Bicycle Parking Specifications
Bicycle Parking Specifications for Developers
In order to assist developers with the design and installation of effective bike storage facilities consistent with their site plan conditions, County staff has prepared several documents containing text, diagrams, and photographic examples of the County’s bicycle parking standards. Below we provide a brief summary of these concepts, as well as links to more detailed documents for download.
Specifications for Inverted "U" Racks
A single inverted U rack is designed to hold two bikes and therefore counts as two bicycle parking spaces. Bicycles park parallel to the “U”, one on each side, with the middle of the bike leaning against the rack. Often these are installed incorrectly by a contractor so that only one side is useful. Fore and aft distances from obstructions should be 24 to 36 inches to allow room for the bikes wheels to stick out on each end. If surface-mounted to concrete, tamper-proof expansion anchors should be used. A standard bike takes up about 6 feet in length. Gangs of racks (multiple racks on a common base) may be easier to install as they need fewer anchors. Each rack element (the "U") should be 36 inches apart so two bikes can be accommodated on each "U".
Class 1 Bicycle Storage Options
Class 1 storage for bikes consists of a cage or room where entry is controlled via locking mechanism (may be combination, key, fob, etc) and where the bicycles are protected from inclement weather (rain, snow). Many people think that Class 1 storage has to be in a garage, but it does not. Class 1 storage could be in a lockable ground floor room or some other agreed upon location. A ground floor room has the advantage of cleaner facilities, fewer conflicts with automobiles, and easier access to the outside. Some buildings have their class 1 storage on the ground floor accessed via a dedicated door to the sidewalk.
If you have eight feet or more of unobstructed ceiling height in the area designated for storage, a double-decker rack may be the optimal answer. Please check with the manufacturer on ceiling height requirements for different rack designs. They will need a minimum of 13 feet in one direction inside the enclosure for loading bikes onto the racks.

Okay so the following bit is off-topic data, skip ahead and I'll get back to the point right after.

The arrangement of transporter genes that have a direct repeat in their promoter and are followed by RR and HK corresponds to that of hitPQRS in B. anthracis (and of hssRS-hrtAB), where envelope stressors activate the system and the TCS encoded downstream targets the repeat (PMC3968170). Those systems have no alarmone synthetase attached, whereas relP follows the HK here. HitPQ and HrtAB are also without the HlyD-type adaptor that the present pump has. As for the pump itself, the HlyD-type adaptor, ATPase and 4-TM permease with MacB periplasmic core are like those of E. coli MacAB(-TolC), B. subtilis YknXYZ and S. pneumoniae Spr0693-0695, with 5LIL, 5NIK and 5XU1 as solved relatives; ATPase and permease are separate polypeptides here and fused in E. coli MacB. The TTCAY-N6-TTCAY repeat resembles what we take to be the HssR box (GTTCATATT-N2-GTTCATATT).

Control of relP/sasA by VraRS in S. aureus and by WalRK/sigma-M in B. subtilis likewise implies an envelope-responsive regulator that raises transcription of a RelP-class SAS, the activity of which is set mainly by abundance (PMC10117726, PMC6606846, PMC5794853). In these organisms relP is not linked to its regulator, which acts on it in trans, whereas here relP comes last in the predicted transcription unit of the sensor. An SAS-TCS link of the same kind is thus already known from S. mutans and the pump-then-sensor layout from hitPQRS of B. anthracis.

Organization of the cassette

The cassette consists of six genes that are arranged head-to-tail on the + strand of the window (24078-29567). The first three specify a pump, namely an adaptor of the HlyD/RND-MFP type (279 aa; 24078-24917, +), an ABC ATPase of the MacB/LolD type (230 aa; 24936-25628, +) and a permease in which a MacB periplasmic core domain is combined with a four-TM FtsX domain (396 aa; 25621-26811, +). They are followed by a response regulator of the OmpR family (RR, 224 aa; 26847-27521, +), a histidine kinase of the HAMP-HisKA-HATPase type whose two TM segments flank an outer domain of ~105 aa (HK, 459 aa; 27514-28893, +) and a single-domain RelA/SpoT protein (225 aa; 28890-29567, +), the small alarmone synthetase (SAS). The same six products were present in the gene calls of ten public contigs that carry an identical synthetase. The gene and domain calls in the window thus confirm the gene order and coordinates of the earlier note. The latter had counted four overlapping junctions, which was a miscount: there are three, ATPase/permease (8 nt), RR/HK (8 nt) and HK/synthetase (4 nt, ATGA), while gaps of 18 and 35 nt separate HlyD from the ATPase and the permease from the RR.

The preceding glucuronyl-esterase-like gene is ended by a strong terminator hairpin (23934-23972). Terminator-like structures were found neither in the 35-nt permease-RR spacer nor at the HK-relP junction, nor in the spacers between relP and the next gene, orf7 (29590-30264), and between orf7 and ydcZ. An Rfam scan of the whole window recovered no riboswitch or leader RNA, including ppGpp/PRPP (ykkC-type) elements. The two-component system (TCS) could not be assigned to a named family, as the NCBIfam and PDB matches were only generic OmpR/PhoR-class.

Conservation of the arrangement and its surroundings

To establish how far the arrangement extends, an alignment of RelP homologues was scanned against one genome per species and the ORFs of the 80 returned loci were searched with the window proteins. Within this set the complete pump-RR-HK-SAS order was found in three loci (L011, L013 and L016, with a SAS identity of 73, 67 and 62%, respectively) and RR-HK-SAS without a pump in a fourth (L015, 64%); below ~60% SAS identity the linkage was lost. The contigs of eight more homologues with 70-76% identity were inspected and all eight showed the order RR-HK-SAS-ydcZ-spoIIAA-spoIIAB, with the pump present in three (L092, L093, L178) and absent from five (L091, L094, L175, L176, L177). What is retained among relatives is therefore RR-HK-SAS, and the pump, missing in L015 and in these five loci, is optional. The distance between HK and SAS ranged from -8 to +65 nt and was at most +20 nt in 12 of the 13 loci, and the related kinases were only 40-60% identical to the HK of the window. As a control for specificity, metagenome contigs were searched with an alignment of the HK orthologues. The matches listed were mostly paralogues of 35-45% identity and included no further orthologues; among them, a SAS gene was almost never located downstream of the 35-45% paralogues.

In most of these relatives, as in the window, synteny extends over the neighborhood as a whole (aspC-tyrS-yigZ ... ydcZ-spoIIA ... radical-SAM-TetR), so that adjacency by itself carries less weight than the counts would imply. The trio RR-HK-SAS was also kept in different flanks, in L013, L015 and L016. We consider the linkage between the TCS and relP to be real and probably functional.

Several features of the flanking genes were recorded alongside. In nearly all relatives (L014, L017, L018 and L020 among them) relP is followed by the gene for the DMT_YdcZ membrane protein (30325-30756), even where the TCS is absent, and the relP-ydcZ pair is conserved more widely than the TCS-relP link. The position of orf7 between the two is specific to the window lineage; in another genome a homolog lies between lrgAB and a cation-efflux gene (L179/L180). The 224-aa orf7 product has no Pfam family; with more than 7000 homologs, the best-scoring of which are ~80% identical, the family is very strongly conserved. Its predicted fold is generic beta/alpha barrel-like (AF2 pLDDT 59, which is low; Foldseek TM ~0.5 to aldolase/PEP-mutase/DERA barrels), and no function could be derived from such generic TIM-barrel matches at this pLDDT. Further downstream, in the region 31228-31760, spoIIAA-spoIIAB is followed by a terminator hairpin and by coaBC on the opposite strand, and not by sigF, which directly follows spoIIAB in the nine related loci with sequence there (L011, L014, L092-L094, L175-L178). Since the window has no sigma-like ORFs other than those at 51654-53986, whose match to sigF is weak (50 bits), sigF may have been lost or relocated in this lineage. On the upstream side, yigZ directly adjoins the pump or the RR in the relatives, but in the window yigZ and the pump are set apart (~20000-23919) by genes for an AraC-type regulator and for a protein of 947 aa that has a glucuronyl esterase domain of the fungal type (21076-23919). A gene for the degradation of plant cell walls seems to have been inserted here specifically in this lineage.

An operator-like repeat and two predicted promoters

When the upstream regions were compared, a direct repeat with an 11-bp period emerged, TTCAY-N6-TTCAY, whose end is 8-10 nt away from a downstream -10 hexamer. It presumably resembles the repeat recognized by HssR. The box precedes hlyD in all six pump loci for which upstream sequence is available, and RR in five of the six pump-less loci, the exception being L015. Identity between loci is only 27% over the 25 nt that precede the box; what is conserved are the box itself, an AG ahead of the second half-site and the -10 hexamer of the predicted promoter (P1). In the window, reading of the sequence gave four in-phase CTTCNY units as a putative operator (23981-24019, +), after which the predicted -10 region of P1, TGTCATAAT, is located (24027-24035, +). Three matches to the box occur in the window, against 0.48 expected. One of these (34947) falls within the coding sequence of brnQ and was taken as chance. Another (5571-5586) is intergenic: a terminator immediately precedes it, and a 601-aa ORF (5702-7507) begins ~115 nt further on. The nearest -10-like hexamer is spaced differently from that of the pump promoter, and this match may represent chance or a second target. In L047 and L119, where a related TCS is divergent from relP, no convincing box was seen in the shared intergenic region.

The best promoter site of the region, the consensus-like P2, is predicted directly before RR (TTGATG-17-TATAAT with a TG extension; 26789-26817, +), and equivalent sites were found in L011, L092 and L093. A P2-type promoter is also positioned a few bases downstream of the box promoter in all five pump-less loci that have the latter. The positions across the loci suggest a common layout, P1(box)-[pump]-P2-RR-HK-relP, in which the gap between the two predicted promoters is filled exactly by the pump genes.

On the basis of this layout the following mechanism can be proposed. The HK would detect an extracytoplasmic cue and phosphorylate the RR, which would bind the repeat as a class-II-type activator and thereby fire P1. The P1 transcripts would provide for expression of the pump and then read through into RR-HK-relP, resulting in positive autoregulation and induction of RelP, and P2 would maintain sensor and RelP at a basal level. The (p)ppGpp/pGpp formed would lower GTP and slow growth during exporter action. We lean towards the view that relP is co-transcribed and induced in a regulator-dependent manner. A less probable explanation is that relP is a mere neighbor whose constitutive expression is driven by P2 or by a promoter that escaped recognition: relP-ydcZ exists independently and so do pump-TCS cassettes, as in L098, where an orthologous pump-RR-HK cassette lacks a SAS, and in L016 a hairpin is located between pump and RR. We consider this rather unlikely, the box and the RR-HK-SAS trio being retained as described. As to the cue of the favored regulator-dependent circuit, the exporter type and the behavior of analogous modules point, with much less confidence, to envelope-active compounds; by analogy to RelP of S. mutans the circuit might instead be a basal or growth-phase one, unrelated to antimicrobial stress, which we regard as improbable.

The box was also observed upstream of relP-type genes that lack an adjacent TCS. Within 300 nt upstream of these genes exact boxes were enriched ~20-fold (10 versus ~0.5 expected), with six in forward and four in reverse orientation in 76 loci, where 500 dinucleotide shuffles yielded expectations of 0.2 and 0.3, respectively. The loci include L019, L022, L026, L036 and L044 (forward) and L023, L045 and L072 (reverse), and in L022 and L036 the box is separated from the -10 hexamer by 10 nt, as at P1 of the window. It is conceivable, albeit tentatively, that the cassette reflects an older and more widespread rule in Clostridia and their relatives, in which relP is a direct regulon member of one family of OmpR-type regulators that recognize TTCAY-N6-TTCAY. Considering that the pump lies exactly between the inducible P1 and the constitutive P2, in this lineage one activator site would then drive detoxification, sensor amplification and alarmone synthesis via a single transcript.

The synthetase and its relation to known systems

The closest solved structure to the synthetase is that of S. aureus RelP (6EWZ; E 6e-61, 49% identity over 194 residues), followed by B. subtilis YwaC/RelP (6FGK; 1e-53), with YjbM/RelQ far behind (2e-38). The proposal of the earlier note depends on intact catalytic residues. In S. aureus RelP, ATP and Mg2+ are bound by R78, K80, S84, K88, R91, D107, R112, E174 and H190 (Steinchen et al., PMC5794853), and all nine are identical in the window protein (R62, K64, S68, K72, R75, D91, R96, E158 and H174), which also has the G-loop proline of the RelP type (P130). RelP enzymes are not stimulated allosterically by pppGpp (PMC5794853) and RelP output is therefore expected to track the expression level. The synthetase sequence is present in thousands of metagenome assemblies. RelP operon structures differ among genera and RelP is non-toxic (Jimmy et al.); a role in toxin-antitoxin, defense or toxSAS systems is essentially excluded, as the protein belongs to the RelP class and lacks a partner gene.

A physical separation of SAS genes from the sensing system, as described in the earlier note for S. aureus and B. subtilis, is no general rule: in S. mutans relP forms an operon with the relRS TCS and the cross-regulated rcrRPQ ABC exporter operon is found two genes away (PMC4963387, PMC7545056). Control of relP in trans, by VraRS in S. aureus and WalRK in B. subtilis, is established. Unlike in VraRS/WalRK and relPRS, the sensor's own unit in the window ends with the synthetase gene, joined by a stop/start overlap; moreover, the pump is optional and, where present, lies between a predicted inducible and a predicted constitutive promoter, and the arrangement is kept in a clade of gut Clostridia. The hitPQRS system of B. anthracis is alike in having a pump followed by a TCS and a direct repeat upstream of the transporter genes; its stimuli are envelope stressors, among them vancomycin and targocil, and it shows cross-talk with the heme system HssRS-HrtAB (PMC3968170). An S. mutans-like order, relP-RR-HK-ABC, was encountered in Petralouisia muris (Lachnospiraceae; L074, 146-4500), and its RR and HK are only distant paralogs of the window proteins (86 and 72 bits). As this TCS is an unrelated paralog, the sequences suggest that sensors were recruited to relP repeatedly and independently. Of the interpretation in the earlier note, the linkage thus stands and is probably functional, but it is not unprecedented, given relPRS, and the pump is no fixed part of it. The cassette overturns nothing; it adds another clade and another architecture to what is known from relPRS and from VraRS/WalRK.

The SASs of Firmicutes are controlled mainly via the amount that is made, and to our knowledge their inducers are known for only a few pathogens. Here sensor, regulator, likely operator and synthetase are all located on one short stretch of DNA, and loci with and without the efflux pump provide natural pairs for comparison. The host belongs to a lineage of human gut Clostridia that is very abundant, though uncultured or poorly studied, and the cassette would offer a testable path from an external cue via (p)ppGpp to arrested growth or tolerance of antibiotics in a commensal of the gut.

Key fob access is the best solution for securing these class 1 storage facilities, if the building is going to have fob access installed for other elements of the building. It much easier to administer electronic fob rights than to manage keys, combinations or passwords.
When designing the space for required bicycle facilities, pay attention to the details of the site plan condition requirement. Be sure the designated space (room, cage) is large enough to accommodate the required capacity, considering necessary pathways of travel to get bikes on an off the racks. Some buildings (particularly commercial) are required to provide clothing lockers and showers for use by bicycle commuters. Consider the location of these facilities in relation to the bicycle storage, as well as the number of lockers and showers required. When ordering lockers and preparing for installation, pay attention to the size: they must be able to reasonably fit belongings such as a helmet, bike shoes, bike lock, spare jacket, etc.).
Class 3 Visitor Bike Parking
Visitor racks are required to be on the exterior of the building, 50 feet or less from the main entrance (or main and retail entrances) of the building. Visitor racks need to be readily visible to a person coming to the building to access the main or retail exterior entrances.
Preparing Bike Parking Plans
Plan reviewers are looking for clear plans for bike racks such that reviewers can clearly determine that there is enough space around the rack to make them useable, and so that the contractor may be expected to install them only once, successfully. Please show all installation dimensions in the drawing, or call-out drawing, related to building objects for both interior and exterior racks. Make sure that the racks are installed far enough away from walls, bollards, parking meters, the curb or other objects to ensure their usability.
Developers can propose a specific rack design to us for approval. For examples of bike rack plans and dimensional call out drawings, please refer to our reference guide: Arlington Bicycle Parking All in One (PDF, 2.1 MB, Adobe Reader required).
Contact John Durham for more information about bike parking requirements and specifications.
Bicycle Parking Requirements for LEED Certification
Some developers in Arlington County may seek LEED certification for their projects. TDM bicycle parking requirements are separate from those requirements that provide points toward LEED certification, although they will count toward that effort. Contact Joan Kelsch for more information about bicycle parking requirements for LEED certification.